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22 December 2012


A Christmas Carol
Pica Productions
Writtle Village Hall
Saturday 22nd December 2012

Pica Productions bring Dicken's tale of the converted miser to life as a rehearsed reading this festive weekend, raising funds in the spirit of the season for Great Ormond Street Hospital. 

In an adaptation by Jim Crozier, a cast of seven voices narrate the famous Christmas story and portray the variety of well-known characters.  With Victorian costumes, tapestry style hangings from the script stands, Chrismassy candles, a cake stall and mulled wine with mince pies on offer, a particularly festive atmosphere was created in the already merrily decorated Village Hall. 

An entertaining, heart warming tale, told engagingly by an excellent cast, raising money for a wonderful cause - nothing could be more ideal to see in Christmas in theatrical style.

19 December 2012


The Odd Couple
Old Court Theatre, Chelmsford
Wednesday 19th December 2012
The Odd Couple explores the relationship between slobby layabout Oscar and his exacting, uptight roommate Felix.  Achieving notoriety in both a film and TV series, the characters in this play are sad and tragically recognisable, but through well developed caricature their mismatched personalities are explored in a fast-paced and witty comedy script.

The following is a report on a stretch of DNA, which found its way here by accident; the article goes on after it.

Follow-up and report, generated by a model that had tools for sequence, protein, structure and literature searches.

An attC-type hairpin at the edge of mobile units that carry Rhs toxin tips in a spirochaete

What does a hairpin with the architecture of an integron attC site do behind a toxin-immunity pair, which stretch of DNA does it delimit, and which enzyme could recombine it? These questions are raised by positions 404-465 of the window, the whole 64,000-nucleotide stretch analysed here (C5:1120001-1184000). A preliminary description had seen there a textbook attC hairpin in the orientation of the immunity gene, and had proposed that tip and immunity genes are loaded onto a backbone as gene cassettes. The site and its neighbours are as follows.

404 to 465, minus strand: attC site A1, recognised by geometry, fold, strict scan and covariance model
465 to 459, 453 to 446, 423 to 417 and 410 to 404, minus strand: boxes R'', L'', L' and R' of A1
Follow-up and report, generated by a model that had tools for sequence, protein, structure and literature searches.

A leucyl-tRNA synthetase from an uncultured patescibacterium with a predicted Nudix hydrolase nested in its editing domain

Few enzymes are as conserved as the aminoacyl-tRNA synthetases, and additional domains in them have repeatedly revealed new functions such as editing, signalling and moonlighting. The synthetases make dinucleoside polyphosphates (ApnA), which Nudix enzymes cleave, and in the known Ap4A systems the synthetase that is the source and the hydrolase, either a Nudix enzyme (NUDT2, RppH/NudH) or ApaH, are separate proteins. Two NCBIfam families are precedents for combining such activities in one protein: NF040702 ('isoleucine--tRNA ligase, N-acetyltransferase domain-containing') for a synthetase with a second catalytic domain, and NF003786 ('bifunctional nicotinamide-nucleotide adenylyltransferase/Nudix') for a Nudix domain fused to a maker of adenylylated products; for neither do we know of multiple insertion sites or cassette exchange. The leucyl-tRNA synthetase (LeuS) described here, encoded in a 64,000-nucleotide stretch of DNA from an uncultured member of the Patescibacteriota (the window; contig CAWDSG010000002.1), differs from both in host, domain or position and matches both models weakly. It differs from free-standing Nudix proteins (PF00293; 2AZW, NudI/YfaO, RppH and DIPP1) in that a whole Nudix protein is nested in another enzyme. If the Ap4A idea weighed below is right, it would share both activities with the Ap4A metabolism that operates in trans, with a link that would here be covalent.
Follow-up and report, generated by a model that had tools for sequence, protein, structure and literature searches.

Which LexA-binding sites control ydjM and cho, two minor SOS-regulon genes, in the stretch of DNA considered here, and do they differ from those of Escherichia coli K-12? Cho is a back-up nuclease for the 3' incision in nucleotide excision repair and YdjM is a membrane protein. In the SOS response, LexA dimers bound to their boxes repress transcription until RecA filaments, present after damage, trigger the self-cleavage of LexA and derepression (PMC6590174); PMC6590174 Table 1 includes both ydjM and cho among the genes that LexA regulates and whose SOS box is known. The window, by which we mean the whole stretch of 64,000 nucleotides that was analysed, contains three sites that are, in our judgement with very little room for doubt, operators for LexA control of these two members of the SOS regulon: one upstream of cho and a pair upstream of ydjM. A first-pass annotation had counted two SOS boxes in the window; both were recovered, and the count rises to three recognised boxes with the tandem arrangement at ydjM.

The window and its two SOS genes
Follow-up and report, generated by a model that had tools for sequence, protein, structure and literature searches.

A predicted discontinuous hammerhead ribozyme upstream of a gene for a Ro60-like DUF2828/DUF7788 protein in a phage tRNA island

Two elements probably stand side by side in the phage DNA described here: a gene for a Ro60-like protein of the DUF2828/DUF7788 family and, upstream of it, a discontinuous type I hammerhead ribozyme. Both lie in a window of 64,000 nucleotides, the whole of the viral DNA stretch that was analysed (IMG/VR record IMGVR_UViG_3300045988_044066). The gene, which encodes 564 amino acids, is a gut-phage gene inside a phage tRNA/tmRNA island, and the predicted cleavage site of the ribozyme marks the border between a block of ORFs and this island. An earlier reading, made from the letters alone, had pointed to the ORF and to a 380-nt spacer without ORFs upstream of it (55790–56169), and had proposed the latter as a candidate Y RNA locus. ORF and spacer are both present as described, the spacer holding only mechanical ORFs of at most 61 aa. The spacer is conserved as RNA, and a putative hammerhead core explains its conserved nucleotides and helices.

Set entirely in the flat shared by the two divorcees, the piece begins during Oscar's weekly poker night.  There were some hard-working attempts at the differentiation of the various characters round the card table, pulled off especially well by Barry Taylor as Speed, but the necessary pace of these scenes was too often missing and there were some laughs that were not as well exploited as they could have been, if not lost entirely.  This lack of pace or comic timing, though a shame, was not true of the entire piece, for as soon as the duologues began between Dave Hawkes and Kevin Stemp as Oscar and Felix respectively, all else was forgotten.  Slick, energetic and timed to perfection, this comedy partnership could not have been better executed.  The British Pigeon girls, played by Naomi Phillips and Vikki Pead, were well performed and created an ideal focus for the central pair to fail to seduce. 
A worthy production to end the year that although not complete in it's accomplishments, where it did succeed, it triumphed. 

16 December 2012


Peter Rabbit and his Friends
Brentwood Theatre
Sunday 16th December 2012

For this year's annual children's show, Brentwood Theatre have chosen the timeless tales of Beatrix Potter's Peter Rabbit to charm and entertain audiences away from the hubbub of the larger scale pantomimes this festive period. 

And charm it does.  Ideal for smaller children, or perhaps those too timid for the loud, brash boos and hisses of panto, the intimate staging of this seductive piece of children's theatre is perfectly suited to the studio space at Brentwood.  The beautiful set is brightly decorated and achieves more depth and levels than could be imagined in the relatively small performance area, keeping the direction varied and full of interest throughout.  The endearing musical numbers are simple and well sung, incorporating some gentle audience participation.